Horsham’s Mailman delivers a huge double album about duality

Mailman. Picture by Simon Hooley
Mailman. Picture by Simon Hooley

Ask any singer-songwriter and they’ll tell you that a lot goes into creating an album.

From finding inspiration, to penning meaningful lyrics and melodies, to getting the whole thing recorded and mixed perfectly, it’s a ton of work.

Mailman. Picture by Chilledvondub Photographic

Mailman. Picture by Chilledvondub Photographic

And if you’re an independent artist, there’s the ever-present restrictions of time and money to deal with.

Nevertheless, Jamie Stanley, known to the West Sussex music scene as Mailman – or simply Stan – hasn’t let any of this put him off.

In fact, the 41-year-old Horsham-based songwriter has actually been more ambitious than most mainstream acts and is now ready to release a double album.

Yang Yin will be available digitally on Friday, July 27, with a physical CD and vinyl release planned for autumn.

Yang Yin

Yang Yin

”It’s about an hour and a half of music,” says Stan. “A lot in this day and age, especially with short attention spans.”

The content of the record is like the ancient Taoist symbol on the cover. One half is light and fun, with just a hint of darkness, and the other is ominous and brooding with a glimmer of hope.

“It was born out of the fact that I write in very different styles,” Stan explains. “I’m drawn to very upbeat, poppy stuff sometimes and then other times I’m much more introspective and kind of progressive.”

“I’m always torn in two different directions when I’m writing and recording,” he continues. “So rather than choose one and just go in one direction I decided: why not do both?”

“I can never focus on one thing for very long anyway,” he laughs.

The double album structure also reflected the theme Stan wanted to explore – duality.

“It’s evident everywhere if you think about it,” Stan says. ”Anything you pick to talk about you can apply some sort of duality to. Without getting too ‘cosmic’ on you, things like quantum physics, all that stuff is increasingly inclined towards the idea of dual states.”

“It’s also a very timely thing,” he adds. “A very topical thing.”

Stan refers to the recent concerns about Cambridge Analytica’s use of Facebook data, which influenced the song ‘Searchlight’.

“I think the technology that exists nowadays – artificial intelligence, machine learning, social media – is a double edged sword. It can be a hugely democratising, liberating thing in the right hands or with the right kind of approach. But in the wrong hands it can be the exact opposite and I think we’re seeing that coming to a head. I think that’s going to be something that will define the next couple of years.”

But, big themes like fake news and post truth aside, Stan also wanted to honour his musical influences with Yang Yin.

“If I get round to releasing it on CD it will obviously be a double CD format,” he states. “It’s giving a nod to the classic double albums that inspired me, like Pink Floyd’s The Wall or Smashing Pumpkins’ Mellon Collie and the Infinite Sadness. They’re classic double albums that are all very long and hard to absorb and consume in one go, but you can kind of dip in and out of them and have an interval.”

As Stan explains, this record is quite a big sell today – a long, double album by an independent artist who won’t simply offer up pure, rock ’n’ roll fun.

“But that’s kind of the point,” he says. “It’s a rejection of the short-attention-span, off-the-shelf, fast-food kind of music industry.”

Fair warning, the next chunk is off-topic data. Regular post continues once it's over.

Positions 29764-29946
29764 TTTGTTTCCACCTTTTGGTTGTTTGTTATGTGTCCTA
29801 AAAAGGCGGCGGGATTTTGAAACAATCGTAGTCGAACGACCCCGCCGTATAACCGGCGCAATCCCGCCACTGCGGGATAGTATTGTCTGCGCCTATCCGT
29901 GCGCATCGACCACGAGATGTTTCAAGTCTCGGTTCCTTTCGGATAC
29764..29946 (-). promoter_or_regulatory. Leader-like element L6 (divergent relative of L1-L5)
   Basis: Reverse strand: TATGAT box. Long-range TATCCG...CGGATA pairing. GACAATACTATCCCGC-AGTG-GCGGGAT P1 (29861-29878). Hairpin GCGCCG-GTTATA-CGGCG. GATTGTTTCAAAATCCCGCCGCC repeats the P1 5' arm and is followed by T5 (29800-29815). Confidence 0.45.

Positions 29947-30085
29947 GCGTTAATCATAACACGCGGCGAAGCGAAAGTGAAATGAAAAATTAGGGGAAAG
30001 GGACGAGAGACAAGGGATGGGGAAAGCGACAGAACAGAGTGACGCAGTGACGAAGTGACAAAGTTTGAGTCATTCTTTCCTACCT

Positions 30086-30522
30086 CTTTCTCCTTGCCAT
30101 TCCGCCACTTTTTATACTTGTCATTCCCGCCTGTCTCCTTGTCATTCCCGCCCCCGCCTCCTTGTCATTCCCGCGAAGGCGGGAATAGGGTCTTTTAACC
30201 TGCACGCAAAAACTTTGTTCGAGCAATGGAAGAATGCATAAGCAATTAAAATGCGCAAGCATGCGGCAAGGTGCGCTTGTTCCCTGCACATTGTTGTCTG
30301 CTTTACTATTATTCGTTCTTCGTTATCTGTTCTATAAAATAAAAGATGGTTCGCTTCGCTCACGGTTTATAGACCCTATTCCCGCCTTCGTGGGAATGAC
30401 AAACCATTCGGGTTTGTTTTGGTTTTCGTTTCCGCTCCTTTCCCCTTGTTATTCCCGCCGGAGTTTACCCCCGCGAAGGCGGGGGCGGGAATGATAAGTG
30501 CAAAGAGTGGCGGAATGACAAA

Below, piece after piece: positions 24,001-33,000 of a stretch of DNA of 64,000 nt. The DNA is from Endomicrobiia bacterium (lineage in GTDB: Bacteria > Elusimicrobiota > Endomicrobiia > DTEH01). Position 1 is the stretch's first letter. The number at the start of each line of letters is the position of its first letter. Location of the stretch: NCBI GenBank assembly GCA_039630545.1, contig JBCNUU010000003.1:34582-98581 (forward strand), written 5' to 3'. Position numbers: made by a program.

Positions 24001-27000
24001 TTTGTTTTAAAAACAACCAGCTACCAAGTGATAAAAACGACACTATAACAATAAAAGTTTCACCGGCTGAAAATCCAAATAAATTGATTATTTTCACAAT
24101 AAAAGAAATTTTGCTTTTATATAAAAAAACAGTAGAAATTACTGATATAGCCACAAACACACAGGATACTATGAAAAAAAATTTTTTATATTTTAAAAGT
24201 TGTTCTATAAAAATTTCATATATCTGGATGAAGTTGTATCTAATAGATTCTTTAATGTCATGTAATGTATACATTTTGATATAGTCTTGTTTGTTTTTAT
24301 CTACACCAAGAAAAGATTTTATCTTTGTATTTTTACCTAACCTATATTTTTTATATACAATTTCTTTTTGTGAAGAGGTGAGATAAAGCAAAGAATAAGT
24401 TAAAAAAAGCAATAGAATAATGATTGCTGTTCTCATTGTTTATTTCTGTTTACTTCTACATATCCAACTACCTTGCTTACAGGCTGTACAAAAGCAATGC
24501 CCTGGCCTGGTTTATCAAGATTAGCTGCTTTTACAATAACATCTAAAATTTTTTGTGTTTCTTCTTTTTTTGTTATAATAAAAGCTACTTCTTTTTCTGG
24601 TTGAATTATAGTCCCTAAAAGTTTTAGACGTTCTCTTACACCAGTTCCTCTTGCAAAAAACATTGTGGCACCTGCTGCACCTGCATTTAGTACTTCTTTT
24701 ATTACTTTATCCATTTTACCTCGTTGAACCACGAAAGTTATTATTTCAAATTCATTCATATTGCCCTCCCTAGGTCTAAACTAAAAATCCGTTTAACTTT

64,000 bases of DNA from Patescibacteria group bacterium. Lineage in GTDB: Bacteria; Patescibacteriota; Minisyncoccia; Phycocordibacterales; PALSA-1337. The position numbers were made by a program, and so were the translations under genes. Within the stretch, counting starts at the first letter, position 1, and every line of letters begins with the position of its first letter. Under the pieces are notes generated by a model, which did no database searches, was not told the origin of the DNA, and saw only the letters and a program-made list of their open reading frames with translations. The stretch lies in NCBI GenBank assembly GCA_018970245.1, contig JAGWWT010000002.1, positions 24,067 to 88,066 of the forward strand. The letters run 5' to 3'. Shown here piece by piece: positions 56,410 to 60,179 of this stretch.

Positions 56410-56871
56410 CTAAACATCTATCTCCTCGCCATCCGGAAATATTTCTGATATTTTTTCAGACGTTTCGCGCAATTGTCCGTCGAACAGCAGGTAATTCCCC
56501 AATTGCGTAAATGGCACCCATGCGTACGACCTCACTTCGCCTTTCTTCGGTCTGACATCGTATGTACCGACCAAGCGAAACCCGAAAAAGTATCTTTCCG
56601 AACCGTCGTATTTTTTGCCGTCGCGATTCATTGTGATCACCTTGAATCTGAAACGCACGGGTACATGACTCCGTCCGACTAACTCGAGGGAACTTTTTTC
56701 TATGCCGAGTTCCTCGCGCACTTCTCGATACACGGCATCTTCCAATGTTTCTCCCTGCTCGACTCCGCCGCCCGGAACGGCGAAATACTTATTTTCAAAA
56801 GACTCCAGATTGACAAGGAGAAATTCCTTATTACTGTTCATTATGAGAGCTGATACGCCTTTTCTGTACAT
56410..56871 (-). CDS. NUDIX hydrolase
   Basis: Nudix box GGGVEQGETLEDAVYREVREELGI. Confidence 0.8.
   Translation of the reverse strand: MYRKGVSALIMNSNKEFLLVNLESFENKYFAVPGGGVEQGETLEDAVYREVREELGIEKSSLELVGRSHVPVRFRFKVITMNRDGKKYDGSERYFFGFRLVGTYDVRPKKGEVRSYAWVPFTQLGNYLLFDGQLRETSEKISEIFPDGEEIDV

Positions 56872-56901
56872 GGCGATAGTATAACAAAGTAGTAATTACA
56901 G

When it comes to modern pop and rock, Stan’s going against the grain, pushing back against the single-orientated, streaming-orientated and often throwaway stuff that there’s arguably too much of.

And so far the album’s been getting a lot of compliments in industry circles.

“The mastering engineer is Mandy Parnell,” explains Stan. “A very established mastering engineer who mastered Bjork’s last few albums (Biophilia, Vulnicura and Utopia) and she’s won lots of awards. She was very supportive and very complimentary.”

It’s been a long creative process with Stan writing the album in his spare time over almost three years without a record deal, while juggling a family life and all the financial aspects.

On top of that he’s also been heavily involved in the Horsham music scene, organising music showcases and gigs across the district, as well as the annual Battle of The Bands.

You might think that Stan’s ready for a break after this, but you’d be wrong.

“I’m working on the next album already,” he laughs. “I’m writing and recording my third album, which is a bit distracting because I’m also trying to be the label, publicist and promoter for this second album, which isn’t out yet. But I can’t just stop writing and creating. I’ve got to try and do everything at once.”

All the work is worth it though and songwriting comes naturally to Stan.

“It’s just what I’ve always done,” he says. “I live and breathe music.”

“It’s an old cliche that a lot of people give up on up their dreams and some people say you’ve got to give up on your dreams. But for me it’s not really anything about dreams, it’s just about who you are. This is who I am, this is what I do.”

He laughs: “To be even more pretentious about it: music speaks to the soul. It’s one of the purest forms of communication. Music is massively important in everyone’s lives even if they don’t realise it, which it’s why it’s a shame it’s so undervalued and so difficult to make a living out of.”

“It’s the most important thing in the world as far as I’m concerned, and as such it has the power to liberate, inspire, motivate and all that good stuff.

“Why would you not make music if you could?”

Yang Yin is available to pre-order now at amazon.co.uk.

Find out more about Mailman’s music at www.mailmanstan.co.uk.

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